The national intelligence agency PET was directly involved in the hunt for one of the world's most wanted terrorist leaders – al-Qaeda's Anwar al-Awlaki – before he was killed in a US drone attack in September of last year.
Morten Storm, a 36-year-old PET agent working with the CIA, told Jyllands-Posten newspaper that he infiltrated al-Awlaki’s inner circle and was responsible for the series of events that led to the al-Qaeda leader’s demise.
“I helped the CIA and PET track Anwar so the Americans could send a drone after him,” Storm told Jyllands-Posten. “That was the plan, which was created by the CIA and PET.”
Storm said that he and al-Awlaki began trading messages via a USB memory stick at the beginning of September 2011. Messengers carried the memory stick back and forth between the two men. Shortly after the last time that Storm sent the stick back to al-Awlaki at the end of September last year, the al-Qaeda leader was tracked and killed by a US drone attack ordered by President Obama.
Storm said that he had been living a double life for a number of years. One life was led as Morten Storm, a PET agent who reported both to the CIA and PET, and a second was that of Murad Storm, a radical Muslim with terrorist friends.
“Many of my family and friends have believed for the past six years that I am a dedicated Islamist,” said Storm. “Now they know that I have been fighting terror.”
Storm’s path into covert operations was a twisted one indeed.
Born in the small Zealand town of Korsør, Storm was a troubled child who had a hard time adjusting in school. He committed his first armed robberies at the age of 13.
He was in and out of jail during his teenage years, eventually becoming a member of the Bandidos biker gang.
Following an arrest in June 1997, Storm renounced his life of drugs and violence and told his lawyer, family and friends that he was converting to Islam.
By all appearances, Storm was serious about his new faith. After living with another Danish convert in England, he moved to Yemen to study the Koran.
While in Yemen, he married a Moroccan woman in 2000 and had a son he named Osama in 2002. It was during this time that his faith took a radical turn and he began communicating with radicals thought to be involved in terrorism. It was through them that Storm came in contact with the American-born al-Awlaki.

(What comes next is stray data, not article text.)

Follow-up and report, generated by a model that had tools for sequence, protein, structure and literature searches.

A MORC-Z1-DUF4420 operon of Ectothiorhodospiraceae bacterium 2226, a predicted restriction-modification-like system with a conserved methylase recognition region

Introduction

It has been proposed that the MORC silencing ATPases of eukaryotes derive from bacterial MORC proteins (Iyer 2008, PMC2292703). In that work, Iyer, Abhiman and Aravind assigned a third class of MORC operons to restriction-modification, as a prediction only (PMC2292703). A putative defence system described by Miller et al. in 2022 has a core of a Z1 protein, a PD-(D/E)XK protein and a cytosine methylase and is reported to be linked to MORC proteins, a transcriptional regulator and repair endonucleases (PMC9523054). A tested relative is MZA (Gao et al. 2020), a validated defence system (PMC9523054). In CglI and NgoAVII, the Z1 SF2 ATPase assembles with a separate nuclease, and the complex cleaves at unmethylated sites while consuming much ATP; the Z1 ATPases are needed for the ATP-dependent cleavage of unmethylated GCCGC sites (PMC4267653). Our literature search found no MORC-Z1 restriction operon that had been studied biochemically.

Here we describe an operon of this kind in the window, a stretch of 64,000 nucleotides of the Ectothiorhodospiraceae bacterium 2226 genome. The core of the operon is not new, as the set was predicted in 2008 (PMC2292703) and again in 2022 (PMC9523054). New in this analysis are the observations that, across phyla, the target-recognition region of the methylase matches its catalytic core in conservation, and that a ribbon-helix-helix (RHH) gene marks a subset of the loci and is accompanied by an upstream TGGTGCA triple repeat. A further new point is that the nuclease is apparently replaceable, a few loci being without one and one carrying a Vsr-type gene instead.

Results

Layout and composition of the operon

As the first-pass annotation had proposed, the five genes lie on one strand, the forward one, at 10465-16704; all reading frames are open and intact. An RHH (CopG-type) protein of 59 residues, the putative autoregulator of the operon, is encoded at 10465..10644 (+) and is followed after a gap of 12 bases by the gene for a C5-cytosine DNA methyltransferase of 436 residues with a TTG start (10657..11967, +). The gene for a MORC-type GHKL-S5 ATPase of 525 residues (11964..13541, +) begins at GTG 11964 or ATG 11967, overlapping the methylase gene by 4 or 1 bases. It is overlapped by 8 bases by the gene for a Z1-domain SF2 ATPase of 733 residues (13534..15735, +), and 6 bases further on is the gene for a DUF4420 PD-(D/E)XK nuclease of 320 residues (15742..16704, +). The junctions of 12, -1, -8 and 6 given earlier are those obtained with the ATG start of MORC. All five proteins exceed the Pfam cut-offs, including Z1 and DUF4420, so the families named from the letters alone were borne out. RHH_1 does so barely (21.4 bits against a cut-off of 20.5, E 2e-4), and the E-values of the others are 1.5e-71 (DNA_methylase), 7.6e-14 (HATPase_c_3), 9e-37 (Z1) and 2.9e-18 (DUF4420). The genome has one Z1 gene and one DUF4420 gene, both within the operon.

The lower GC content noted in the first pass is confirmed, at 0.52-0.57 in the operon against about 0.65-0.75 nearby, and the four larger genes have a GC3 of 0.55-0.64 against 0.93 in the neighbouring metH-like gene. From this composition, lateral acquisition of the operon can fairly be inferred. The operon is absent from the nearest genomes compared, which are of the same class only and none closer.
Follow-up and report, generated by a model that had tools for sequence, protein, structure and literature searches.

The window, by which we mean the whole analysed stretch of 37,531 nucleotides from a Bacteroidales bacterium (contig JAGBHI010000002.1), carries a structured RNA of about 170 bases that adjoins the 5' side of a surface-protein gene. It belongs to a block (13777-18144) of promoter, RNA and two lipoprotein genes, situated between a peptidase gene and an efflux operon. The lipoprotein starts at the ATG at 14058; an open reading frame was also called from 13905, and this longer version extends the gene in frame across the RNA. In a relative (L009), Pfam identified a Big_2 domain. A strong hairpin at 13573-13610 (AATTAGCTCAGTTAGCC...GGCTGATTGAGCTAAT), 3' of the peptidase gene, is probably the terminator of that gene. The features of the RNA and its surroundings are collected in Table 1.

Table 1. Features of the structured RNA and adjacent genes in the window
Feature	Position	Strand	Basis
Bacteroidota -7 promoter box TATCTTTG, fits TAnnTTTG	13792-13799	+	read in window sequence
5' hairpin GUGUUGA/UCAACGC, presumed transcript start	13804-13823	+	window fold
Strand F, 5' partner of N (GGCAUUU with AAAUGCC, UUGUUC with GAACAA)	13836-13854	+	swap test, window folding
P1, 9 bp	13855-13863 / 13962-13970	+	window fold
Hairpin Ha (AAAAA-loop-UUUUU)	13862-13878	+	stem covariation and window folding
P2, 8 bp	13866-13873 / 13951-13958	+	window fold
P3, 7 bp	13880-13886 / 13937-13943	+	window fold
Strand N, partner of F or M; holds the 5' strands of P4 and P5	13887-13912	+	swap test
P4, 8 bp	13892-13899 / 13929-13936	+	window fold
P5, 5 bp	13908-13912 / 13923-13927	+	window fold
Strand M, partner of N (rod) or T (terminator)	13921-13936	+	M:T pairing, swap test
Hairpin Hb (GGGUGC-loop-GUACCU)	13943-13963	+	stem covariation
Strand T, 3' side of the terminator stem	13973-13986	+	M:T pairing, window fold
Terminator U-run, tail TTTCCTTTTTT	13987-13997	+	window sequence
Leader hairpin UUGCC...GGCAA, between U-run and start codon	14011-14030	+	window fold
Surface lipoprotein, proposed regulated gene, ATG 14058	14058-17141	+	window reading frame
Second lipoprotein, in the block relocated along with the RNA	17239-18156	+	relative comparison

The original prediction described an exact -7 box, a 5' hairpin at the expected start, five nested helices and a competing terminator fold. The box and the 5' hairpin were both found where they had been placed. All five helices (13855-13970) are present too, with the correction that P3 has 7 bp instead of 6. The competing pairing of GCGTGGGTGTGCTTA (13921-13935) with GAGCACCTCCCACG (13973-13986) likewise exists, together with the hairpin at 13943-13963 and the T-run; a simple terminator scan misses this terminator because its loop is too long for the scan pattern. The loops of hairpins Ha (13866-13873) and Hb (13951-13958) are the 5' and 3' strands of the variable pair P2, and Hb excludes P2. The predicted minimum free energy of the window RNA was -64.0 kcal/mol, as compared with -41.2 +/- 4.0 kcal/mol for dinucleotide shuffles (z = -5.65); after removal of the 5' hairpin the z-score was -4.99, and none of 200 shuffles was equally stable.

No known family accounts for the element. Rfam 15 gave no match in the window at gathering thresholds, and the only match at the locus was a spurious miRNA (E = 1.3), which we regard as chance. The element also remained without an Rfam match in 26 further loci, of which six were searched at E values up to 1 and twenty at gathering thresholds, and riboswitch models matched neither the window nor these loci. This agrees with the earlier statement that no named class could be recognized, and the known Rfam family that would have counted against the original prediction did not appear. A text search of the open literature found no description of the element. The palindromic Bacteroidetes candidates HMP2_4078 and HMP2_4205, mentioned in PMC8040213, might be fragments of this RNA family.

Storm said he eventually became disillusioned by the radical side of Islam.
"I found out that what I believed in was, unfortunately, not what I thought it was," he said.
In the winter of 2006, Storm said he contacted PET and said he would help them combat terrorism by using the trust he had built up with the radical Islamists.
The CIA claims that the action that killed al-Awlaki was not a joint mission between the CIA and PET, but that the two agencies were engaged in parallel activities.
An audio recording from October of last year seems to refute the CIA version, however. A CIA agent can be heard talking about the joint mission and the role played by Storm.
“We had our team, we had the entire project in place, and you [Storm] play the highest role,” the agent says.
The agent can be heard saying that US President Obama was aware of Storm and his contribution to the mission.
PET director Jakob Scharf would not comment directly on whether Storm was involved in any operation, telling DR News only that PET "did not contribute during the military operation that led to the killing of al-Awlaki in Yemen".
Some are calling on the justice minister, Morten Bødskov (Socialdemokraterne), to examine if Storm’s alleged participation in the plot to kill al-Awlaki are even legal under Danish law.
"We demand an explanation of what happened and what rules the minister believes that PET has followed,” Enhedslisten's spokesperson Pernille Skipper told Politiken newspaper. “PET should not target a criminal to kill him rather than capture and bring him to justice. If the purpose of the attack was to kill al-Awlaki, then it is deeply problematic that PET was involved.”
Bødskov refused to comment and referred all questions PET.
Storm, for his part, had no doubt that he did the right thing, saying,
"I am proud of the work that I have done.”
Terror experts, however, have warned that Storm has now made himself a target.
Mehdi Mozaffari, a professor of Islamic radicalisation at Aarhus University, told Ekstra Bladet tabloid that Storm is likely one of al-Qaeda’s top Danish targets, following Jyllands-Posten’s editor Flemming Rose, who published the Mohammed caricatures in 2005, and Kurt Westergaard, the cartoonist behind the most inflammatory of the caricatures.